Are you a member of a “protected class?” The protected classes are people who are either:
- female, or presenting as something other than a white CIS male
- over the age of 40
- a race other than white
- a religion other than Christian
- a physical or mental disability under certain circumstances
- genetic information or health limitations of a family member
- someone who has complained to their company about activity that is either patently illegal or a danger to public health and safety
- a physical or mental disability
2. Did the person or entity you want to sue deny you either:
- a job or promotion?
- reasonable accommodation for disability?
3. Can you show at least something to indicate that the reason you got denied was due to your membership in the protected class?
If so, then you can show what’s called a “prima facie case.”
Once you show your “prima facia” case, the person or company that denied you gets a chance to explain themselves. Legal people call this the “articulation of a legitimate non-discriminatory justification for the action taken.” I call this the “come up with something defense.” Basically, they have to “come up with something” to explain why they treated you the way they did. They will typically blame you.
Once they “come up with something,” the real work of your lawsuit begins. We have to do two things:
First, we have to show that the reason they gave is “pretext.” There are three ways to show pretext:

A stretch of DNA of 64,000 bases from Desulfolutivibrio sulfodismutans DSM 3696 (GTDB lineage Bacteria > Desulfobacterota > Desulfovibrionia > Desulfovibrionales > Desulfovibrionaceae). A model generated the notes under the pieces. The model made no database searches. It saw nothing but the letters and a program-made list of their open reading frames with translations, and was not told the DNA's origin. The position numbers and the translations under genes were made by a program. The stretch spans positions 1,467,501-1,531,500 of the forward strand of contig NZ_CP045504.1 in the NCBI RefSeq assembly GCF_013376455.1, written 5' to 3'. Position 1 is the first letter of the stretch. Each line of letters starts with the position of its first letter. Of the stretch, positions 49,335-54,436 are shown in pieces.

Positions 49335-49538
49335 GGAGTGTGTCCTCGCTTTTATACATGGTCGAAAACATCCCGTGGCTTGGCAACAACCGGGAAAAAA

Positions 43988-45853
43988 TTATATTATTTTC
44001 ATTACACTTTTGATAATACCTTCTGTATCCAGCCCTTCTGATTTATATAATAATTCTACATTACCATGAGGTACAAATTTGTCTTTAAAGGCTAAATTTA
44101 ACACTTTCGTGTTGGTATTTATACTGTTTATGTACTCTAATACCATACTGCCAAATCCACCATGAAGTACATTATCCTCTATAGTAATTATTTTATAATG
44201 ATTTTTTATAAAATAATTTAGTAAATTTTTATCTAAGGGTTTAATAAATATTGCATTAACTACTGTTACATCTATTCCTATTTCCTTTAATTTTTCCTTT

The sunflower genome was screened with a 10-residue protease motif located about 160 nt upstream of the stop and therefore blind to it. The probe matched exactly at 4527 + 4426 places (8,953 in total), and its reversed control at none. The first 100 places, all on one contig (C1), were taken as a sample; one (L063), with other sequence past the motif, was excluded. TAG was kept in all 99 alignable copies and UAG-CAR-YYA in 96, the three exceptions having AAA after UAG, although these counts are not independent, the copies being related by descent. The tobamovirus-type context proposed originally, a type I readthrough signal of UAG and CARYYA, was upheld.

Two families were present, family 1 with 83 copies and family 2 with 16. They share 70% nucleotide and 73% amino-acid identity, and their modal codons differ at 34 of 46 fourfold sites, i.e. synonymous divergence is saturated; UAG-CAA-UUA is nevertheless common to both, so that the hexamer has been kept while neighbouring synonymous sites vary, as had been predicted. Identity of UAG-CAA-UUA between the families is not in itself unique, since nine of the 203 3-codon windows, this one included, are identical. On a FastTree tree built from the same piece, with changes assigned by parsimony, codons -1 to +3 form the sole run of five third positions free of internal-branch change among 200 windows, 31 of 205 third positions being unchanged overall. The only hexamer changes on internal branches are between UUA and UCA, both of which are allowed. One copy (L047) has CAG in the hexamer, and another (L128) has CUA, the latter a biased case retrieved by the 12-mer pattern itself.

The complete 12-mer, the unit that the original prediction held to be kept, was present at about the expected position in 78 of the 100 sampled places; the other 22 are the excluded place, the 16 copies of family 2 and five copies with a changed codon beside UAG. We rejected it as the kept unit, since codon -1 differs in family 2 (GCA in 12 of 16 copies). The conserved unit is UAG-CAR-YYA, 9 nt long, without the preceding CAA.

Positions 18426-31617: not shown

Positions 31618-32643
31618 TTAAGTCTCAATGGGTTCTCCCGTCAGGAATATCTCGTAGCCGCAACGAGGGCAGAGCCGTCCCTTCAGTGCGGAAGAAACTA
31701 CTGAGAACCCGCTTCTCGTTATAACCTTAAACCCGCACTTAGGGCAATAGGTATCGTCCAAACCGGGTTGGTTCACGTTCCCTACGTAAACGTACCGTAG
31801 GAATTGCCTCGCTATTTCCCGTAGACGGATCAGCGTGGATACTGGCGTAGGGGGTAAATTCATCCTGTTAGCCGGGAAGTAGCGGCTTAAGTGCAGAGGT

- We can prove that the reason they gave is a flat out bald faced lie.
- Alternatively, we can prove that even if what they said is technically true, they didn’t treat other people who did the same thing the same way. This is called “disparate treatment.”
- Alternatively, we must prove that even if what they said is technically true, they “stacked the deck,” meaning they created a policy or procedure which would affect you, and not others who were not in the protected class, differently - essentially weeding the members of the protected class out. This is called “disparate impact.”
Second, we have to show that the “real reason” they took the action they took is because they wanted to discriminate against you on the basis or your membership in the protected class. This is hard. We can’t read people’s minds or necessarily “prove” their intent. We have to look at circumstantial evidence. Typically, we’ll look at things like how a policy affects black people versus white people. How many people have left the company in the last year who are under 40 versus over 40. What a housing authority's budget is and how much money is available to build a wheelchair accessible ramp. Whether the person who fired you knew you had reported them for violating OSHA requirements again.
This is where the facts of your case get specific and you’ll need to talk to a lawyer about what you know, what you can prove, and what it’s going to take to get that proof. It’s those questions that determine the economic viability of your employment discrimination claim. Time deadlines are also very specific, and what you can get for a discrimination claim in terms of money and other relief is set by statute. If you’d like to set up a consultation, give us a call at 865-685-4780.